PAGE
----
Is there an MS diet?
Multiple sclerosis (MS) is the most common demyelinating disease of the central nervous system. With MS, the immune system attacks the protective myelin sheath that covers nerve fibers and causes communication problems between your brain and the rest of your body. It is an incurable, potentially disabling disease, and the cause is unknown. There is no evidence that a specific diet can prevent, treat or cure MS. Some special diets can be harmful because they contain too much of certain vitamins or not enough of others. Learn more from Dr. Orhun Kantarci, a Mayo Clinic neurologist.
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Antibiotics and alcohol
Antibiotics and alcohol can cause similar side effects, such as stomach upset, dizziness and drowsiness. Combining antibiotics and alcohol can increase these side effects. In some combinations, more serious reactions such as headache; nausea and vomiting; rapid heart rate; and a dangerous increase in blood pressure may result. Learn more from Dr. James Steckelberg, a Mayo Clinic infectious diseases expert.
Alli weight-loss pill: Does it work?
Alli is an over-the-counter drug meant for overweight adults struggling to shed excess pounds. With its easy access and weight-loss promises, is Alli your answer for losing weight? Here's what you need to know.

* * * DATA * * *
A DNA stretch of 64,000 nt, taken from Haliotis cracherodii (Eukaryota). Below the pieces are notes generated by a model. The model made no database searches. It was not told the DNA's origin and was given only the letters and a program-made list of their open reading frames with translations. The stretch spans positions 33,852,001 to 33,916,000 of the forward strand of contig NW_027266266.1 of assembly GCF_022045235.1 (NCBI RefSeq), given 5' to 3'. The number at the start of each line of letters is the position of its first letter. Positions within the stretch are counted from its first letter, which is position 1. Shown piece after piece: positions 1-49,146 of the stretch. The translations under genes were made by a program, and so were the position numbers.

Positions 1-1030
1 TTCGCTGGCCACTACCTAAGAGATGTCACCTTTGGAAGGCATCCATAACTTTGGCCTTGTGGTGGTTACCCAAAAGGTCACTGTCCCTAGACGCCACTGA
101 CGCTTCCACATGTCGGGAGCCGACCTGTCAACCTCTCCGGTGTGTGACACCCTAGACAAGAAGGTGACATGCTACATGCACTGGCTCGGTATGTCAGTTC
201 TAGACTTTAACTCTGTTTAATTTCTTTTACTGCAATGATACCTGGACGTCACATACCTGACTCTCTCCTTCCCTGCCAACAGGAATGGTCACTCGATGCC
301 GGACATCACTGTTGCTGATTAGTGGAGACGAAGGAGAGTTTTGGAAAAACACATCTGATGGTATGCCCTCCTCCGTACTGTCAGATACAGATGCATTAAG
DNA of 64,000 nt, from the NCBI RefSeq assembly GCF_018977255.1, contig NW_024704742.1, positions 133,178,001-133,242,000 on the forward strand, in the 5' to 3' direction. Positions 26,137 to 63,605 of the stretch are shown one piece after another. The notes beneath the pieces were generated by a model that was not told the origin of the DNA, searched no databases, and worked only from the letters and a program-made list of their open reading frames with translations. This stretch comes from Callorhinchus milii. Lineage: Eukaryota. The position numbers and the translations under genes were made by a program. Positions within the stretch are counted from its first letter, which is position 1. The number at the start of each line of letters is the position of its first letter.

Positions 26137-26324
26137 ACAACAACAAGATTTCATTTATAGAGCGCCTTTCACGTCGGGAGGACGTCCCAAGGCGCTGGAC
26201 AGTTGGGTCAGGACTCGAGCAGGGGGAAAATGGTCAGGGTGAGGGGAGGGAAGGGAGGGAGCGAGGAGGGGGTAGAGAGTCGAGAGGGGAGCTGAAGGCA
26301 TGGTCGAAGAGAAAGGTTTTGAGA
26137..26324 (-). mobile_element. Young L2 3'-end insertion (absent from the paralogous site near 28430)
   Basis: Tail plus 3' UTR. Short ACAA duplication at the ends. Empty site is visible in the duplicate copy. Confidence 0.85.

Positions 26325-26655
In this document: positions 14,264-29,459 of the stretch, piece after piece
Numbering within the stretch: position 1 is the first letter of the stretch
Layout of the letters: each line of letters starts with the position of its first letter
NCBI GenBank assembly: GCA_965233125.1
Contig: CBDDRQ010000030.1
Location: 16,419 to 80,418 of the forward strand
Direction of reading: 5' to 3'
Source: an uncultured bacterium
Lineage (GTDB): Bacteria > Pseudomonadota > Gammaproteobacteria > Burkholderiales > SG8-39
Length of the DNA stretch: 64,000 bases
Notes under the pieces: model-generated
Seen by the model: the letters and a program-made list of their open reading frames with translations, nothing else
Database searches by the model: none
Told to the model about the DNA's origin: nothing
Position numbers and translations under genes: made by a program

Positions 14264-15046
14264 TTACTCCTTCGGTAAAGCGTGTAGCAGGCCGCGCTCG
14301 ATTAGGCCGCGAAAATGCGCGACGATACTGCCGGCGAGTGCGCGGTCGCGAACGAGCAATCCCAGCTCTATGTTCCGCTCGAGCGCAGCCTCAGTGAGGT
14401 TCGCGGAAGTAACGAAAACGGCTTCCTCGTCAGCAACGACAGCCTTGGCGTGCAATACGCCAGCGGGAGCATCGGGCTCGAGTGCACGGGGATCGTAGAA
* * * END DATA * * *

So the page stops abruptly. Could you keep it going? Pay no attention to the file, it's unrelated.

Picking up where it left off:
Tapeworm infection: Diagnosis and treatment
Tapeworm infection is caused by ingesting food or water contaminated with tapeworm eggs or larvae. Some people with tapeworm infections never need treatment, for the tapeworm exits the body on its own. Others don't realize they have it because they have no symptoms. However, if you're diagnosed with an intestinal or invasive tapeworm infection, one or more medications may be prescribed as treatment. Learn more about the diagnosis and treatment of tapeworm infection.
Teens and depression
It can be difficult to tell the difference between the ups and downs that are just part of being a teenager and teen depression. The latter is a serious mental health problem that causes a persistent feeling of sadness and loss of interest in activities. Depression symptoms likely won't get better on their own — and they may get worse or lead to other problems if untreated. Depressed teenagers may be at risk of suicide, even if signs and symptoms don't appear to be severe. Learn more about the emotional and behavioral changes that may signal depression in your teen and when it's time to seek medical care.